If there was one thing the Avs were plagued by last season, it was the depleted roster. Not only did they lose a lot of key pieces from their 2022 Stanley Cup winning team because of the cap crunch. It made for a rocky first half of the season, then got three separate six-game winning streaks to win the Central Division, but the depleted roster was no match for the depth the Seattle Kraken had, paired with the off-ice drama surrounding Valeri Nuchushkin and a one-game suspension on Cale Makar. The offense wasn’t as dynamic as usually expected last season, but it was mostly because of the lack of depth. Nathan MacKinnon and Mikko Rantanen hit the 100-point marker for the first time in their careers, Makar was on pace with his Norris Trophy-winning 2021-22 season had it not been for injuries, and all of Nichushkin, J.T. Compher, Artturi Lehkonen, and Evan Rodrigues all had career years in elevated roles. But outside of them, there wasn’t a lot of contributions, and with Gabriel Landeskog out for the year, that led to Colorado’s eventual fall. It’s not going to be any easier. Compher and Rodrigues are out of the equation, and Landeskog is injured for another year. Ryan Johansen and Jonathan Drouin could find new success in a new environment, Ross Colton has the potential to be a top six forward, and both Tomáš Tatar and Miles Wood can help the team on a middle six role. The defense is mostly the same iteration as last year’s so the same result can be expected from them, but there are a lot of questions up front outside of MacKinnon and Rantanen. Defensively, they thrived as much as they always had. It helped that most of the losses were from the forward core, so they kept much of the same group on the blueline. But injuries hurt them too. The same group, minus Erik Johnson, Rodrigues, and Lars Eller, will return, so it’s not out of the equation that similar results happen this season, even if they don’t have as many injuries and can get more than half a season out of Bowen Byram and Josh Manson. Alexandar Georgiev had question marks heading into his first full year as a starting goalie, especially since he never played more than 34 games in a season and didn’t post above a .910 save percentage in three straight seasons. He had a strong year in his first season as a starter in Colorado, almost doubling his games played mark (62), tying Linus Ullmark in first for wins (40), and had a .919 save percentage. It wasn’t because he was playing behind a sturdy defense, as he finished the year with 17.29 5-on-5 goals saved above expected. He and Pavel Francouz come back, with a similar defensive core in front of them, so that there is a strong chance they repeat their success.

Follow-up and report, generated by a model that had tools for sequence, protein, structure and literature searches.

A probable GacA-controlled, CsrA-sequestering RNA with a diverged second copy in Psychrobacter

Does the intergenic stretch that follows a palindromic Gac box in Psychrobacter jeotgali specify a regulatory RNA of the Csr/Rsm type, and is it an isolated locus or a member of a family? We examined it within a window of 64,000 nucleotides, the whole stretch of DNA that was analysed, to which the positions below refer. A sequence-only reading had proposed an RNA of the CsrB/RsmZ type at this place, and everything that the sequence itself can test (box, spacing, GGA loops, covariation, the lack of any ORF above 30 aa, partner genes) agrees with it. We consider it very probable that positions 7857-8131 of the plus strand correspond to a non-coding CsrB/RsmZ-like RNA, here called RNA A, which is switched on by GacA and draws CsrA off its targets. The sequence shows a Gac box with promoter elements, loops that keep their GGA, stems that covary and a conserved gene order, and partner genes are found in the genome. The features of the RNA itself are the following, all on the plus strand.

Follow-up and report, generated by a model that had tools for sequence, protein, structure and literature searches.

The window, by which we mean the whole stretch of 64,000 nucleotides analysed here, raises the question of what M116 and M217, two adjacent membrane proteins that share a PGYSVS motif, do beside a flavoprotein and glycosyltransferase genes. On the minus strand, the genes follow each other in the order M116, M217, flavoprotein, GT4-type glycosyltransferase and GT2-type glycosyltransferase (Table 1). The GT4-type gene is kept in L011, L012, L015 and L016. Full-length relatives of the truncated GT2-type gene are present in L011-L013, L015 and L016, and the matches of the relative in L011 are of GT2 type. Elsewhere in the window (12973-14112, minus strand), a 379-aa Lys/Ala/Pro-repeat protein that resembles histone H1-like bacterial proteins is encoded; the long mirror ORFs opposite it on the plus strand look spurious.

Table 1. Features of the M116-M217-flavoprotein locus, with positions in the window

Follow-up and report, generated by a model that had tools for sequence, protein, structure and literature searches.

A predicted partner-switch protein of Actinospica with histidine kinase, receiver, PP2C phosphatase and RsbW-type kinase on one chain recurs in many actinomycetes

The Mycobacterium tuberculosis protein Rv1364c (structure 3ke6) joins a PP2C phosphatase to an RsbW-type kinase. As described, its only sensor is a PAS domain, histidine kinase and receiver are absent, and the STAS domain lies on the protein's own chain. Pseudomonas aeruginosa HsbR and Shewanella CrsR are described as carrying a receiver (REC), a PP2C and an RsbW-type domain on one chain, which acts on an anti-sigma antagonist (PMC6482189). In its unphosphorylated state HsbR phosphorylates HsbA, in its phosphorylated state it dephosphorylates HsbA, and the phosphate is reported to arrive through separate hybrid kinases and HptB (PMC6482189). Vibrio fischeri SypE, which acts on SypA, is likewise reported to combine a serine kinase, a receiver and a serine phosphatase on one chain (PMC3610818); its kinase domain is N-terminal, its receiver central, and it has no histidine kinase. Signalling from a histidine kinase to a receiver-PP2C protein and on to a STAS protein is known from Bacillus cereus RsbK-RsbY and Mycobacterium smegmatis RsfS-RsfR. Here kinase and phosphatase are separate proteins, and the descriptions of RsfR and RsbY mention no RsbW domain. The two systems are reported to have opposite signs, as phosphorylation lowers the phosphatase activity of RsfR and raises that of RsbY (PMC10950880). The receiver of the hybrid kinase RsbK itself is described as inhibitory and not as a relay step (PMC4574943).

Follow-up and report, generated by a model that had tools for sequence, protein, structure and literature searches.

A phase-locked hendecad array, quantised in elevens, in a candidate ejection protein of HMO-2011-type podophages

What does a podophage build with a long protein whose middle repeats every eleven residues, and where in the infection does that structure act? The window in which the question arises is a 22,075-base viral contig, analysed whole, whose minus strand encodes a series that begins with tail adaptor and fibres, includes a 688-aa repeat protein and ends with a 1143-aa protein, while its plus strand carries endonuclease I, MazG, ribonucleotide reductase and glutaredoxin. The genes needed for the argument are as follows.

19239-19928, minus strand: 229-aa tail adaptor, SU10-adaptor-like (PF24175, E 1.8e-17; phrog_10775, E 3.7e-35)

Current Lineup


#27 Jonathan Drouin — #29 Nathan MacKinnon — #96 Mikko Rantanen

#62 Artturi Lehkonen — #12 Ryan Johansen — #13 Valei Nichushkin

#28 Miles Wood — #20 Ross Colton — #90 Tomáš Tatar

#11 Andrew Cogliano — #22 Fredrik Olofsson — #25 Logan O’Connor


#7 Devon Toews — #8 Cale Makar

#49 Sam Girard — #4 Bowen Byram

#3 Jack Johnson — #42 Josh Manson


#40 Alexandar Georgiev — #50 Ivan Prosvetov


#56 Kurtis MacDermid (D)

Injured Reserve

#14 Chris Wagner (F) — #39 Pavel Francouz (G) — #74 Alex Beaucage (F)

#92 Gabriel Landeskog (F) — #93 Jean-Luc Foudy (F)

6th: Dallas Stars

Previous Ranking: 7th